Yesterday I was doing some prep-work for the upcoming game of “Star Trek Adventures” I’m running on Saturday. This will probably be the last game before the campaign starts properly in the new year. The scenario I am running for my players is titled “Kobayashi Maru”. For those familiar with Star Trek and it’s lore , I need to say no more. For everyone who is not familiar with those words, the Kobayashi Maru, according to Memory Alpha
“The Kobayashi Maru scenario was an infamous no-win scenario that was part of the curriculum for command-track cadets at Starfleet Academy in the 23rd century. It was primarily used to assess a cadet’s discipline, character and command capabilities when facing an impossible situation, as there is no (legitimate) strategy that will result in a successful outcome.”
This got me thinking. In many games or scenarios or sessions, there is normally a way for the characters to “win”. This could be with powerful spells, knowledge or other potent abilities. But, this should, in my opinion, not always be the case.
I believe that showing the characters that sometimes, no matter what they do, something bad will happen. If they go kill the dragon, the army will wipe out their home city. If they go after the army, the dragon will attack and destroy the only farmland not affected by the crop blight. No matter what they do, something bad WILL happen.
Now I am not suggesting in any way that every encounter should be a NWS. In fact quite the opposite. If it happens too much then you run the risk of the characters, or even worse the players, thinking “What’s the point…Nothing I do matters…” But I do believe it should happen at least once per campaign. It doesn’t have to something major, like an invasion. The personal level works and in some cases might be more impactful.
For example, your character could be asked to advise a local village on where to build a new dam. They have two choices, each will cause flooding and ruin the land where it occurs. The dam needs to be built. The two choices are a wealthy merchant’s land or a family who has lived in the same place for over 100 years. the merchant could afford to move but has threatened to take her business, which helps in a major way to keeping the village financially afloat, elsewhere. The other family, whilst not wealthy has been in the village for a long time and is well liked. They have been instrumental in wanting to join the empire you represent. If they are ousted from their home, you know the whole village will turn against you and join your empires rival, a move which would have effects for decades to come.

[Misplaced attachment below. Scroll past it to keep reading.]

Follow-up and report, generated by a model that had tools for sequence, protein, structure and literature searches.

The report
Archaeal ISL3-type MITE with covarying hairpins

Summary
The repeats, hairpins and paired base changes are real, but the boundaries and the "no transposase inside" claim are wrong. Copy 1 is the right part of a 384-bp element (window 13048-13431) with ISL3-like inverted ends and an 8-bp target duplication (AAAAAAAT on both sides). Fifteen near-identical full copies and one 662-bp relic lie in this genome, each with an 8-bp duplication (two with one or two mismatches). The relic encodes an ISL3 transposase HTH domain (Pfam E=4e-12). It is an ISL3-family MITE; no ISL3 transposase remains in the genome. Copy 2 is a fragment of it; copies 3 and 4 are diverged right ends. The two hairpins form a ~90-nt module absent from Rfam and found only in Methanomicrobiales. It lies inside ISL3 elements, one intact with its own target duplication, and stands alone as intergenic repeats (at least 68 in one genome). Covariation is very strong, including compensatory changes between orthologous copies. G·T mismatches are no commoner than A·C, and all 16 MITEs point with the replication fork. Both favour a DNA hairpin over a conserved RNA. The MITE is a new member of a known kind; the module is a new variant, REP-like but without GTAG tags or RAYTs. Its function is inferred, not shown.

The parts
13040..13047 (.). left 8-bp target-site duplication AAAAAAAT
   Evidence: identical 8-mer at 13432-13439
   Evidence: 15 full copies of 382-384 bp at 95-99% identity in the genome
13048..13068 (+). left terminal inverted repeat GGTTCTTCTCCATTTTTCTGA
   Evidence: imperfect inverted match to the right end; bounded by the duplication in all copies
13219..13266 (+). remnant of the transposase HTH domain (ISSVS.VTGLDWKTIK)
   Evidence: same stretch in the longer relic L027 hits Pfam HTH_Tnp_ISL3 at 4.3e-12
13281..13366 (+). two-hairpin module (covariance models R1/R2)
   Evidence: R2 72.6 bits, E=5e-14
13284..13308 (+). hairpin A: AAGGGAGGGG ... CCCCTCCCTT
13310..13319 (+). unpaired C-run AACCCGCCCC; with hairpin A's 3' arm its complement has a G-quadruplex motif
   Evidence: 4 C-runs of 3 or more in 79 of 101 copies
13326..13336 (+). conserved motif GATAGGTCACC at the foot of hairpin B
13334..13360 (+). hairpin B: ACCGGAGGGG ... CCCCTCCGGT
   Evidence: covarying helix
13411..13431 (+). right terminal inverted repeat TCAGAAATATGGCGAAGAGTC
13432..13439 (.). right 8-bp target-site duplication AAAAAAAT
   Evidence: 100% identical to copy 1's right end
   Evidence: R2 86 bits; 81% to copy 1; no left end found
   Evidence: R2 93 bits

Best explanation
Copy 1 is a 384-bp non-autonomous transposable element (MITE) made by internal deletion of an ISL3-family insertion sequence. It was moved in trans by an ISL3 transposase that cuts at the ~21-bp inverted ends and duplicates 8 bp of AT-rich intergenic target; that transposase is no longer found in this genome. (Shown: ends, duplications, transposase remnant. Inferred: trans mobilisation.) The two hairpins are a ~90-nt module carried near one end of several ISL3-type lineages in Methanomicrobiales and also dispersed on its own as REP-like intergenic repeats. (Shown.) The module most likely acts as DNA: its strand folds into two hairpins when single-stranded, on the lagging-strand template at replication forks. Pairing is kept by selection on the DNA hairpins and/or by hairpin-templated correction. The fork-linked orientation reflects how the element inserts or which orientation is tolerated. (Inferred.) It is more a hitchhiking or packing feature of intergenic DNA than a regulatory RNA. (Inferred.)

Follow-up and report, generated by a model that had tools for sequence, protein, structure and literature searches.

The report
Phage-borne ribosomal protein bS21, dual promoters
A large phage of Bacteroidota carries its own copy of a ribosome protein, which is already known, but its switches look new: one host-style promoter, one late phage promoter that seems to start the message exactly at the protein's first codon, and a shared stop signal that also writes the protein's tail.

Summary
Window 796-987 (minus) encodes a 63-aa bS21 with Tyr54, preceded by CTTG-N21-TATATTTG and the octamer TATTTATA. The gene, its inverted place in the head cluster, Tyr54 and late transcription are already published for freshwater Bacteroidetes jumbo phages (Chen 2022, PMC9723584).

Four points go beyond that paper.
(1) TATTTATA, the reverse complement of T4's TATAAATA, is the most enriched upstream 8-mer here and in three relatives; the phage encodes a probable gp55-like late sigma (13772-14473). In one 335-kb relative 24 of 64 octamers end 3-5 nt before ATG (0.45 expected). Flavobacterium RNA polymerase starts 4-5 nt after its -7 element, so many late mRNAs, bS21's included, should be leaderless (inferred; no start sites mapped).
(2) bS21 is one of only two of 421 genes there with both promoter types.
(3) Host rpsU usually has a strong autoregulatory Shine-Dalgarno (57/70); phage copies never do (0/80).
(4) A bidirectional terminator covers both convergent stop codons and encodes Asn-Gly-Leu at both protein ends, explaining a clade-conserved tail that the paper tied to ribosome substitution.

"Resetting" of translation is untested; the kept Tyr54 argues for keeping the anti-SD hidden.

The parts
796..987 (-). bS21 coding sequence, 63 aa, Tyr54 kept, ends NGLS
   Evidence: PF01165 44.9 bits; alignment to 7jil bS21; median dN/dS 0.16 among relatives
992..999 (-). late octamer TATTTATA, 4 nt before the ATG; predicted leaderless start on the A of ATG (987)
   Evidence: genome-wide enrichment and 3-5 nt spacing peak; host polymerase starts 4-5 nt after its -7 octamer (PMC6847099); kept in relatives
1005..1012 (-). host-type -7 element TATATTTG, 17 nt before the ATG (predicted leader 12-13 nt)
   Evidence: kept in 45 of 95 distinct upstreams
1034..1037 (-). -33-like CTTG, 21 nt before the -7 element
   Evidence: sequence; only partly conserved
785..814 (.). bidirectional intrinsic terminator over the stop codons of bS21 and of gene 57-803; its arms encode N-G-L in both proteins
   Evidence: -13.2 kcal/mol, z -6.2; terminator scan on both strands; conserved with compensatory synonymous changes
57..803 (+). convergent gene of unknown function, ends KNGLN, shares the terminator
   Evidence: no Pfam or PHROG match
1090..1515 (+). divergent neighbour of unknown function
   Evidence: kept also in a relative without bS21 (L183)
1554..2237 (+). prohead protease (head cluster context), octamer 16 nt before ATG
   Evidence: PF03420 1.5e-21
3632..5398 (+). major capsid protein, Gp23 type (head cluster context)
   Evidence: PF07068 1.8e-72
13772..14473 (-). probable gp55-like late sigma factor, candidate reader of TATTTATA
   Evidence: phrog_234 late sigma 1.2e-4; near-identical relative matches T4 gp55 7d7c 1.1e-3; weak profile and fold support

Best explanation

Of course, if your PC are smart enough to figure out a way around a problem, then they should be rewarded for it. In the Kobayashi Maru scenario, James T. Kirk became the first (and only known) cadet to ever beat the no-win scenario. After taking the test and failing twice, Kirk took the test a third time after surreptitiously reprogramming the computer to make it possible to win the scenario. Kirk was subsequently awarded a commendation for “original thinking” and later commented, wistfully, that his stunt “had the virtue of never having been tried.” Kirk also went on to defend his “cheating” by arguing that he didn’t believe in the no-win scenario.
So yes, throw the no-win situation at your PCs every now and then. Present them with choices that will have negative effects no-matter what they do. But if they are clever enough to “Win”, then let them have it, it will make the victory all that sweeter and give them a good tale to share with other later.